Reduce Energy Use At Home


When seasons change, so do indoor temperatures. Whether we’re turning down the AC to cool off, or turning up the heat to get cozy, we use a lot of energy. According to the U.S. Energy Information Administration, in 2015 more than 76 million American households (64%) used a central air-conditioning system, an increase from less than 66 million households (59%) in 2005. And with increasingly irregular climate conditions, this number is only rising. 

Whether your motivation is to save money or to decrease your carbon footprint, making small adjustments to your daily energy consumption can have a positive effect on the environment and help reduce the amount of overall energy consumed by your community. 

Help reduce the amount of overall energy consumed by your community with small adjustments.
Credit: Dewi Karuniasih/Unsplash

U.S. energy consumption is on the rise 

The U.S. is home to less than 5% of the world’s population but consumes 17% of the world’s energy and accounts for 15% of the world’s gross domestic product, according to the University of Michigan Center for Sustainable Systems. In comparison, the European Union has 7% of the world’s population, uses 12% of its energy and accounts for 16% of its GDP. And China has 18.5% of the world’s population, uses 24% of its energy and accounts for 18% of its GDP. 

If projections are correct, U.S. energy consumption is expected to rise by over 7% in the next 20 years, according to the National Academies of Sciences, Engineering, and Medicine. Global energy consumption is expected to rise 40%. 

There’s a direct connection between energy use and the environment. When we consume less power, we reduce the amount of released toxic fumes in the air, conserve the earth’s natural resources and help protect ecosystems from destruction. Perhaps the most notable way reducing energy helps the environment is by decreasing harmful byproducts, such as carbon dioxide, from being released by the power plants that produce our electricity. By simply cutting back on energy consumption, we can reduce the amount of electricity that power plants must make and the fumes they release. 

Households can save as much as 15% a year on heating and cooling bills by simply turning the thermostat back.
Credit: Wesley Tingey/Unsplash

Household Energy Reduction 

Reducing energy use is easier than you may think. Living in smaller houses closer to work and using public transportation are lifestyle choices that can help. But households can save as much as 15% a year on heating and cooling bills by simply turning the thermostat back 10–15 degrees for eight hours a day, according to the U.S. Department of Energy.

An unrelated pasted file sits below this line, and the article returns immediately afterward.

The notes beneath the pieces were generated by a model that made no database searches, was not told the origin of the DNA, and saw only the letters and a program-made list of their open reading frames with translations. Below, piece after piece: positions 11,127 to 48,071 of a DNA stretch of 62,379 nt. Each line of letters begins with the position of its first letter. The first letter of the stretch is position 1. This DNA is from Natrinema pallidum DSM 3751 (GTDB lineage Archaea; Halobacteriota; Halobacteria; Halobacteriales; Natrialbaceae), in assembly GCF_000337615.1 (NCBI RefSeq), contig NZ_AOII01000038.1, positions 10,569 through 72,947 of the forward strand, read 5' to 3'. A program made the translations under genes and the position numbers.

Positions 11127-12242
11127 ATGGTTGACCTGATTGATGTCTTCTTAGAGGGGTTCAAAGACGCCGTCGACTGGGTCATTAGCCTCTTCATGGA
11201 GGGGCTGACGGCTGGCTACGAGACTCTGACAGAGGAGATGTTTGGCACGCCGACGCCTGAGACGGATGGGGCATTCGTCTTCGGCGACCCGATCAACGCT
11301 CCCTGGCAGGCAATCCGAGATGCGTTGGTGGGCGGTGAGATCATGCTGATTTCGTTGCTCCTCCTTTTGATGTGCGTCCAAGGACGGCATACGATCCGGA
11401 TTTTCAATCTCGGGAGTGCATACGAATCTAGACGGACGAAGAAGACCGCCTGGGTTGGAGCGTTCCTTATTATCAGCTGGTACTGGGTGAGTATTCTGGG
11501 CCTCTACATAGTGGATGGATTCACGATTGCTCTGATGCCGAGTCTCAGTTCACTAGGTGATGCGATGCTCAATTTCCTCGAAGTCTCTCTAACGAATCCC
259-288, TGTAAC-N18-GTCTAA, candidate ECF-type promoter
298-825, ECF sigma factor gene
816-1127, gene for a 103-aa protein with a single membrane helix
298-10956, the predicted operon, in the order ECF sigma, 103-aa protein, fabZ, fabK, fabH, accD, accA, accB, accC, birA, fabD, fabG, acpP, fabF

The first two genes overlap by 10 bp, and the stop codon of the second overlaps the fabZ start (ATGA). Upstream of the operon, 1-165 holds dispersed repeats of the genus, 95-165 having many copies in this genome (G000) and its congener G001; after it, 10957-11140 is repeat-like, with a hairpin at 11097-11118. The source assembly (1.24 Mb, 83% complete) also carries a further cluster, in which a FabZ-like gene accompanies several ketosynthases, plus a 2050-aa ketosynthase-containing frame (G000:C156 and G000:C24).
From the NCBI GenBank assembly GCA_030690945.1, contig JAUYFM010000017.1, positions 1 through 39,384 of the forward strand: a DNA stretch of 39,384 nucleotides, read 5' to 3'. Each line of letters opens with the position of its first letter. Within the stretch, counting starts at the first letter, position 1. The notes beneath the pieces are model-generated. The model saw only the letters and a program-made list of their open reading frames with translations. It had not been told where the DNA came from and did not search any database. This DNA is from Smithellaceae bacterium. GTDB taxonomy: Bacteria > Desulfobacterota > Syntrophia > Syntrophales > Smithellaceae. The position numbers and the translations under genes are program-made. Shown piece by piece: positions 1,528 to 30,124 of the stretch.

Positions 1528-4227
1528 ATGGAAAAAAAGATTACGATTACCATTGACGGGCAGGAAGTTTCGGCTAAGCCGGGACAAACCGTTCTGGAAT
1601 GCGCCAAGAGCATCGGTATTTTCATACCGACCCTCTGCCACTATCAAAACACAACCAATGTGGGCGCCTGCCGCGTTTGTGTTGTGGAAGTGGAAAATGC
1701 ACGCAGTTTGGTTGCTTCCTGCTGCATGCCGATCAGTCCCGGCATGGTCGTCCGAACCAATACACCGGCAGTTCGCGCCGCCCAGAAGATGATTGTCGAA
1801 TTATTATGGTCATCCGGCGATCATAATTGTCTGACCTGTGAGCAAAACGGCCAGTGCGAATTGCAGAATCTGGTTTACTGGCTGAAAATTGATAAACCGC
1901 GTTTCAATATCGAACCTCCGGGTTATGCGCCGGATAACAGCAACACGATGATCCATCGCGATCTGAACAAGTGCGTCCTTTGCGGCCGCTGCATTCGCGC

Although your own energy saving adjustments may seem inconsequential, small steps become great leaps when multiplied by millions of others just like you. Try switching up some of your habits with these easy tips from Green Mountain Energy

  • Invest in a smart thermostat to help with efficiency. 
  • Seal gaps in windows, doors and air ducts. 
  • Switch to energy-efficient LED lighting. 
  • Unplug infrequently used electronics. 
  • Keep your refrigerator well-stocked so it uses less energy to keep contents cold. 
  • Lower your water heater temperature to 120 degrees. 
  • Keep areas around vents clear of furniture, toys and clutter. 
  • Replace air filters and schedule regular HVAC tune-ups. 
  • Make sure your next new appliance is ENERGY STAR® certified. 

 Energy-saving tips for hot weather: 

  • Raise your thermostat four degrees when you’re not at home. 
  • Set your ceiling fan to rotate counterclockwise and use it to circulate cool air. 
  • Close curtains during the day or tilt your blinds to direct sunlight toward the ceiling. 
  • Wash clothes and dishes at night, and ensure loads are full. 
  • Enjoy some free AC with others at a movie theater, shopping mall, gym or other indoor venue. 

Energy-saving tips for cold weather: 

  • Lower your thermostat four degrees when you’re not at home. 
  • Set your ceiling fan to rotate clockwise and use it to recirculate heat that has risen. 
  • Open south-facing blinds and curtains during the day. 
  • Make sure your attic has enough insulation, including around the access door. 
  • Opt for extra layers or get cozy under a warm blanket. 

For more resources on conserving energy, check out our Small Actions Spark Big Changes webpage. 

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